Al-phase D, the (Al,Fe3+)2SiO6H2 member of the dense hydrous magnesium silicate (DHMS) phase D, may survive along hot subduction geotherms or even at ambient mantle temperatures in the Earth’s transition zone and lower mantle, playing therefore a major role as water reservoir and carrier in the Earth’s interior. The evolution of the unit-cell volume of Fe-bearing Al-phase D between room pressure and 38 GPa, determined by means of synchrotron X-ray diffraction in a diamond anvil cell, is well described by a 3rd-order Birch-Murnaghan equation of state. Above 38 GPa, a change in the compression behavior is observed, likely related to the high-to-low spin crossover of octahedrally coordinated Fe3+. Contrary to what observed for A,H-bearing stishovite, the strength of H-bonds and likely their symmetrisation do not greatly affect the elastic properties of phase D solid solutions, independently of their compositions, however change in volumes may be associated with spin crossover transitions for Fe-rich compositions.

        Speakers: Tiziana Boffa Ballaran (University of bayreuth) , Tiziana Boffa Ballaran (University of Bayreuth)
      • 18:15
        How the synchrotron light can prove planetological knowledge: the case of icy planetary bodies 15m

        Finding signs of ancient and present life, in the solar system and beyond, is and has been one of the most intriguing challenges in scientific research. Water is one of the essential components for life and interest in 'ocean worlds', such as Jupiter's Europa or Saturn's Enceladus, is particularly vibrant. The recent decision by ESA and NASA to push ahead with plans for a new mission to Europa offers strong incentives to learn more about the surface composition through analysis of current spacecraft data.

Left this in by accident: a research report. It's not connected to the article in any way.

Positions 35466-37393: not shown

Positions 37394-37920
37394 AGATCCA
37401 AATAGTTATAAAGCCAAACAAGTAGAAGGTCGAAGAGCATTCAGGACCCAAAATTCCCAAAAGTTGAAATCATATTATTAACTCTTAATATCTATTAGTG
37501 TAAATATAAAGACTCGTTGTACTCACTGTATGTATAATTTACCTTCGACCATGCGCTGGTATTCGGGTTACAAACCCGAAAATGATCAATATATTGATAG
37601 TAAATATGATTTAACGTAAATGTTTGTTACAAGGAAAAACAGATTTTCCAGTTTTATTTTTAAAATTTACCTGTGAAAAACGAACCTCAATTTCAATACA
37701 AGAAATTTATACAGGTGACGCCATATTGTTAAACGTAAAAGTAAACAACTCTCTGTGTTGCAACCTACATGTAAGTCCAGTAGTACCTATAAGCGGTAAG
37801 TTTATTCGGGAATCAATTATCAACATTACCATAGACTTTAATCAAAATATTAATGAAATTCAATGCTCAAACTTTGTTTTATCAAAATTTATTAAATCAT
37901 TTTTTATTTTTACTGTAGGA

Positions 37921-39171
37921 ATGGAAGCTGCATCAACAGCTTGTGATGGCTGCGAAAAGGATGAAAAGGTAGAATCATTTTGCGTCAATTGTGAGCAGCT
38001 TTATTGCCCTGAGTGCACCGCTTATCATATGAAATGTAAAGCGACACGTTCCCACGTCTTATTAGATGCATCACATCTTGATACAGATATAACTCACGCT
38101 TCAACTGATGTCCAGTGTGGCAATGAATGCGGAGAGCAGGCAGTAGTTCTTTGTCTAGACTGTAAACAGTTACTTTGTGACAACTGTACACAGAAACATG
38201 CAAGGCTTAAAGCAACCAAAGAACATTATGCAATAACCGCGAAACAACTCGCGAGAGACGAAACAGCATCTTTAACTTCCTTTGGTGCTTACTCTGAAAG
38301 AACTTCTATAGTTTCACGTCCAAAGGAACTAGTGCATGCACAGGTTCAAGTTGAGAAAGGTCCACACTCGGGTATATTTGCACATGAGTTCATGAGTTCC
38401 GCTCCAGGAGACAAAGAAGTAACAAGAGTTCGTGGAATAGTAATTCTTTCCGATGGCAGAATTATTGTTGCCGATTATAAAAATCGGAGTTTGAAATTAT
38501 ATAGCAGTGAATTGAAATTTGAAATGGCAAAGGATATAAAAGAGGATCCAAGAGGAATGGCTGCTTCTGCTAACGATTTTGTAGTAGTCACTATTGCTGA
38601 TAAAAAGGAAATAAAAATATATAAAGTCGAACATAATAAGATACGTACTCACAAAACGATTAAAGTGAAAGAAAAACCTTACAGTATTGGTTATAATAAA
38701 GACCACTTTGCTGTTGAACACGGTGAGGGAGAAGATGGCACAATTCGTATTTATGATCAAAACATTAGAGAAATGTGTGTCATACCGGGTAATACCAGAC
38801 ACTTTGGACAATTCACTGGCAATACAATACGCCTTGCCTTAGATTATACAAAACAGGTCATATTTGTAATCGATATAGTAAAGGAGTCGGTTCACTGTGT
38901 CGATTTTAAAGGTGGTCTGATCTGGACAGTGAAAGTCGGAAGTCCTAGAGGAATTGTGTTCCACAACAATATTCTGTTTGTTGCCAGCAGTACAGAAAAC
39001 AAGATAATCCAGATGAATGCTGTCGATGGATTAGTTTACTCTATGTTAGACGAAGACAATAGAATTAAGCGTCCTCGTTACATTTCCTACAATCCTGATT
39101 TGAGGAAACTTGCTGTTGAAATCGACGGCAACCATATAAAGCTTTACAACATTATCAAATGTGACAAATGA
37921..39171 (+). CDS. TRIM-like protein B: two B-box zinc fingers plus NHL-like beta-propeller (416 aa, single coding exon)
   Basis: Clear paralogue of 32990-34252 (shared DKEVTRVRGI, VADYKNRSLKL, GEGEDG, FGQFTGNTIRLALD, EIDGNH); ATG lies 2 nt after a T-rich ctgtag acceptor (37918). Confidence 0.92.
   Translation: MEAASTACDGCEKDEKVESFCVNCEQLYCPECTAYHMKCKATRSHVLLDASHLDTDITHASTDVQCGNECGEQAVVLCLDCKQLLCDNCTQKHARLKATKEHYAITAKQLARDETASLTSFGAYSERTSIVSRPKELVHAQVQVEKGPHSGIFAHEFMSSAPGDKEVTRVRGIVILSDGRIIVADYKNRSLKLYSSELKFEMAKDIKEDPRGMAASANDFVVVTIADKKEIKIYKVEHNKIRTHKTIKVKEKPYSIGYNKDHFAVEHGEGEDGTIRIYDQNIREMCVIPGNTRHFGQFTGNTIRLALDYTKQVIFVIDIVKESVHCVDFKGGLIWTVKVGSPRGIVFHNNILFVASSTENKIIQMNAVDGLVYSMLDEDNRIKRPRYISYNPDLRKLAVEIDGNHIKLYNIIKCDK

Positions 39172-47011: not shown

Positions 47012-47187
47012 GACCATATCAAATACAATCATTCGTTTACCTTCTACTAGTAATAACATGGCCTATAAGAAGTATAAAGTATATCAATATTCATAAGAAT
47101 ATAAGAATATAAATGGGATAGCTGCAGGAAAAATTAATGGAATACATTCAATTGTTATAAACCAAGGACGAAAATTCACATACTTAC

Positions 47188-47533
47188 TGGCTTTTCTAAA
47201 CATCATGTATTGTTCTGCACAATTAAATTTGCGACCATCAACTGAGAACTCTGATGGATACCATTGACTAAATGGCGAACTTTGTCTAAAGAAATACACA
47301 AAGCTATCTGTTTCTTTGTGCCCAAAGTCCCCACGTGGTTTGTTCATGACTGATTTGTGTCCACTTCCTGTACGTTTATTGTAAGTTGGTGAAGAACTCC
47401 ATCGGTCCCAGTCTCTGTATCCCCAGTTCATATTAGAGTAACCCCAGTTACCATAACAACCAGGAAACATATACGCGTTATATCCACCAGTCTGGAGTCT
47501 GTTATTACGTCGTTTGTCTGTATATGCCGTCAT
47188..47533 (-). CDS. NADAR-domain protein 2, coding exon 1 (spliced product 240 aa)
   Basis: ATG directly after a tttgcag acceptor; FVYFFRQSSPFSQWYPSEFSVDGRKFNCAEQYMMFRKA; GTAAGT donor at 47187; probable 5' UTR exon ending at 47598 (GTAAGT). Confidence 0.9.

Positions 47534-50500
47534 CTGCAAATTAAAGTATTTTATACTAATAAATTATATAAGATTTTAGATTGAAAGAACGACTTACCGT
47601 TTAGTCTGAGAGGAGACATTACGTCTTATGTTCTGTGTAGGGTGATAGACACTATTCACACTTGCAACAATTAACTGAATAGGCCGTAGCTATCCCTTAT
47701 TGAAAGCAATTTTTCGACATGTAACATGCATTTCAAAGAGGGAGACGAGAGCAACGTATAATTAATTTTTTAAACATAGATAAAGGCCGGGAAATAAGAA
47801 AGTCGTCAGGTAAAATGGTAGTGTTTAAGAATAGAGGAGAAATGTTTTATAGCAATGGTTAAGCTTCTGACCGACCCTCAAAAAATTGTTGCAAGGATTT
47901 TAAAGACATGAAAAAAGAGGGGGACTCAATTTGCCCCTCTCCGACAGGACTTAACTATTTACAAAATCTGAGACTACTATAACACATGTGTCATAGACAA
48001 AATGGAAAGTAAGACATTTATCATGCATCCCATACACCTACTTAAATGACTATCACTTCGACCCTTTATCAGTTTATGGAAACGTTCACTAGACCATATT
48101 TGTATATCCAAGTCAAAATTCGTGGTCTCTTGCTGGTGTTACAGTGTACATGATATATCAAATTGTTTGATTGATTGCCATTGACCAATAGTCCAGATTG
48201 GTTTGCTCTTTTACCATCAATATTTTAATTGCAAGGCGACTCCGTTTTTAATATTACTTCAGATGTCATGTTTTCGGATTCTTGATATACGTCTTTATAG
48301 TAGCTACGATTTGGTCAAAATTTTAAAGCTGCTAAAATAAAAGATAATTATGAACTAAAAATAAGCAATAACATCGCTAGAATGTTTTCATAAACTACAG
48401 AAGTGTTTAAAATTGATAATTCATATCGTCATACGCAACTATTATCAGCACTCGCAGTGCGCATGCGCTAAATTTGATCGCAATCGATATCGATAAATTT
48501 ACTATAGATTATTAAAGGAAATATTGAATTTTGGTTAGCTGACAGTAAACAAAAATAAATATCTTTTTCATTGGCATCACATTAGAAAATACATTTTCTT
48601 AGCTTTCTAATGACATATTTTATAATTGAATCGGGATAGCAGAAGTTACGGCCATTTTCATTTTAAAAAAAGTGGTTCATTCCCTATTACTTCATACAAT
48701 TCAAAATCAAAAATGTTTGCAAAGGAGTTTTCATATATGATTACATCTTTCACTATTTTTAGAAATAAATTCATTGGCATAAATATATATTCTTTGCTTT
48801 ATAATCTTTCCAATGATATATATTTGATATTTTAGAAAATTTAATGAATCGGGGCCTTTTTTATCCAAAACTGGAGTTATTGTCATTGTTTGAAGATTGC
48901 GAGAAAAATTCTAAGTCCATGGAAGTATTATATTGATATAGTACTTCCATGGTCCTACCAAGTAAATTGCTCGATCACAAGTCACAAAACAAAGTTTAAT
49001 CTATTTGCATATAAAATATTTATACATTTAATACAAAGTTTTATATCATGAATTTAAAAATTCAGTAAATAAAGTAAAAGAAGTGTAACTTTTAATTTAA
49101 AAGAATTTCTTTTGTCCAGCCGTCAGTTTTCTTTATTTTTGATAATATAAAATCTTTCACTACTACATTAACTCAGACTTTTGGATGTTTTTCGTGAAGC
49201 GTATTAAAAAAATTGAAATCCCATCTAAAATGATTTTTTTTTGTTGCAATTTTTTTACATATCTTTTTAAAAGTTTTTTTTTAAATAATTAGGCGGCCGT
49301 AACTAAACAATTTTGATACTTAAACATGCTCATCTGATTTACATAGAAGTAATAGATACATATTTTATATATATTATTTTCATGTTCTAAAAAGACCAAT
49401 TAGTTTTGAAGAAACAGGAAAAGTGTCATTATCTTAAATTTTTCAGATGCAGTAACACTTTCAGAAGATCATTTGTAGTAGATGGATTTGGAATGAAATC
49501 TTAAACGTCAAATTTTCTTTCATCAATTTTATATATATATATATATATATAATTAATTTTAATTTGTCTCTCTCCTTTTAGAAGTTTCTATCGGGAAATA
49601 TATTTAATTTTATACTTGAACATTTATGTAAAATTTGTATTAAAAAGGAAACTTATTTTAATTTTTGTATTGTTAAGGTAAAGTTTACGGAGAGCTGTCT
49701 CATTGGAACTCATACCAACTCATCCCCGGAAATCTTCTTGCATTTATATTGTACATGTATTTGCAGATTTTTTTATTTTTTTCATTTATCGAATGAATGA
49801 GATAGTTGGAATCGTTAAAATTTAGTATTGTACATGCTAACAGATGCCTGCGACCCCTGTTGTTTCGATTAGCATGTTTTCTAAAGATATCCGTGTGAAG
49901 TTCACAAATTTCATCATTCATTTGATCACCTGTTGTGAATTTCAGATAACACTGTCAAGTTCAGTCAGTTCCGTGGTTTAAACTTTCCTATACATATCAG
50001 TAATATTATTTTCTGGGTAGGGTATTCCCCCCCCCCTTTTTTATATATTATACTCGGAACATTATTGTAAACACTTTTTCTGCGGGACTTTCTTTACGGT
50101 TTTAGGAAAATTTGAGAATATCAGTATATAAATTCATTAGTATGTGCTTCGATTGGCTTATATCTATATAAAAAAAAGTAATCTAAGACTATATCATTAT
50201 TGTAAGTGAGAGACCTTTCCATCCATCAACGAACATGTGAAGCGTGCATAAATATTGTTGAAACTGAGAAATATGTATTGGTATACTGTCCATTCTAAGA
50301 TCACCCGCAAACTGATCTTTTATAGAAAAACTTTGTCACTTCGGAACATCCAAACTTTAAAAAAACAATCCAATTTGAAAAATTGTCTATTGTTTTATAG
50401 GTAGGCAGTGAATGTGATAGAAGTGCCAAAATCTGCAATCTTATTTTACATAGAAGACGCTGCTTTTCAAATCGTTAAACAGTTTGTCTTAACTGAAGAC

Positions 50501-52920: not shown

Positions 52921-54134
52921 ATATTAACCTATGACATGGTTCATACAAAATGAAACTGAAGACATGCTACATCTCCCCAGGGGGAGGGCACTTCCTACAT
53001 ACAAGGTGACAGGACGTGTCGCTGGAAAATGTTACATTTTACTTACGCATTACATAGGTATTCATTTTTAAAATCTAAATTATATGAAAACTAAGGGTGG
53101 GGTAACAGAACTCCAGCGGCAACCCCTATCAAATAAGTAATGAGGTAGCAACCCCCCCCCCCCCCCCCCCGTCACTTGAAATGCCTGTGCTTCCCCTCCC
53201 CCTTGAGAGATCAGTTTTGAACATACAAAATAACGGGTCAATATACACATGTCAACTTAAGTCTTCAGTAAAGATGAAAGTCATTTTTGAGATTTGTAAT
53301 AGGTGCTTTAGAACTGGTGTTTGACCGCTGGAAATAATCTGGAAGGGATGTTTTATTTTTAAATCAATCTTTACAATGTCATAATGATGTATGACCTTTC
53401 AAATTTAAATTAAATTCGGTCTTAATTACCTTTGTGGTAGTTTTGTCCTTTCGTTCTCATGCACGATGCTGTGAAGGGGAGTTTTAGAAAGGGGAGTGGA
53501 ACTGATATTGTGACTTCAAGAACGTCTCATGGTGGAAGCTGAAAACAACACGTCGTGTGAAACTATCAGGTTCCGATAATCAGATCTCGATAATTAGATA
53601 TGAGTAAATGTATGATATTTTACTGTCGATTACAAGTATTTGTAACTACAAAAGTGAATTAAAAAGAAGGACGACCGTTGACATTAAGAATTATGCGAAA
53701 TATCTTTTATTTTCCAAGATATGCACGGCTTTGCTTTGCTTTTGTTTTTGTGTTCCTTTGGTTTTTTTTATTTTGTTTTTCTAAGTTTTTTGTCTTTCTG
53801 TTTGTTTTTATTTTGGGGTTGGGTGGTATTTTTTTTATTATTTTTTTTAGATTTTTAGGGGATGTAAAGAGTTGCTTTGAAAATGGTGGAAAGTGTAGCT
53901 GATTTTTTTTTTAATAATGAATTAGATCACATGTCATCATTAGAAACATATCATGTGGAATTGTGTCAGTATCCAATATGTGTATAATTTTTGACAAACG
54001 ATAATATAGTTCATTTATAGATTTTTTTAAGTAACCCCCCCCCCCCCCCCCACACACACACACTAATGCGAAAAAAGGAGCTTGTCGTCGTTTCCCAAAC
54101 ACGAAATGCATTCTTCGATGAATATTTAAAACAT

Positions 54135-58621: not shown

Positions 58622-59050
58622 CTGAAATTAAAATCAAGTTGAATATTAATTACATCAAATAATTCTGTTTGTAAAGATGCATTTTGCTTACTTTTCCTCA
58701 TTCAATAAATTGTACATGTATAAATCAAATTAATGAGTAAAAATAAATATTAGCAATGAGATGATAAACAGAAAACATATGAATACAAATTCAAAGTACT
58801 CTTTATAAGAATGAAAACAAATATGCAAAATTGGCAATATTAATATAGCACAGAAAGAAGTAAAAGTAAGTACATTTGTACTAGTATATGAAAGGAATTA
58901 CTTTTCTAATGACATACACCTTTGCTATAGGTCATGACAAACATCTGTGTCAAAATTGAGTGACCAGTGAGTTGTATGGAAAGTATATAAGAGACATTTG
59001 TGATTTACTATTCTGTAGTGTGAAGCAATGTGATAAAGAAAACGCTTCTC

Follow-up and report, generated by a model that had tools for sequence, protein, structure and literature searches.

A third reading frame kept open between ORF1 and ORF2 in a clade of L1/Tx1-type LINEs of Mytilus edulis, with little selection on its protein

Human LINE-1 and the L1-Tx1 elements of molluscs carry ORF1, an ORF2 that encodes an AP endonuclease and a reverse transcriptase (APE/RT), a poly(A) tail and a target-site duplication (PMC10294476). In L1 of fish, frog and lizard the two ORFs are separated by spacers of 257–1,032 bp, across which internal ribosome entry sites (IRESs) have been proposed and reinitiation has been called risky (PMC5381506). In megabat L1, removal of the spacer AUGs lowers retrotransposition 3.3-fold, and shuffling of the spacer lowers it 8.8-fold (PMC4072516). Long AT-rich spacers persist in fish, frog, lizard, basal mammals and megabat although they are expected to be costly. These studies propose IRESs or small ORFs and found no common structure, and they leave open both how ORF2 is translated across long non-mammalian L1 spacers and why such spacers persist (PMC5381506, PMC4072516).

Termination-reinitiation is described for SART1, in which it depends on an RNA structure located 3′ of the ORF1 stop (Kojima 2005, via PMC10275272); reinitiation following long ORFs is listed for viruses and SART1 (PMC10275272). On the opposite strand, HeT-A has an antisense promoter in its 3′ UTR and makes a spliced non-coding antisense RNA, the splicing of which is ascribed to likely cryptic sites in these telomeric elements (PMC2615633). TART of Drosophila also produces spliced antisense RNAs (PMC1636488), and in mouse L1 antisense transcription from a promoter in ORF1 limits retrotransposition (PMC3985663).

Recent satellite inferences about the non-ice component of the world's oceanic crust imply the presence of Na sulphates, other salt hydrates and trapped gases, which could imply that, for example, Europa's ocean should probably contain sulphates, Mg, Na and Cl as major solutes and promising candidate minerals for deep icy mantle rock formation.
        Knowledge of the behaviour of sulphate hydrates at pressures and temperatures similar to those of planetary bodies is particularly important to answer questions such as the thickness of the ice shell, its rheology and the radial density of these bodies. In addition, relevant information could be obtained on the potential for geological activity and material exchange between the different layers.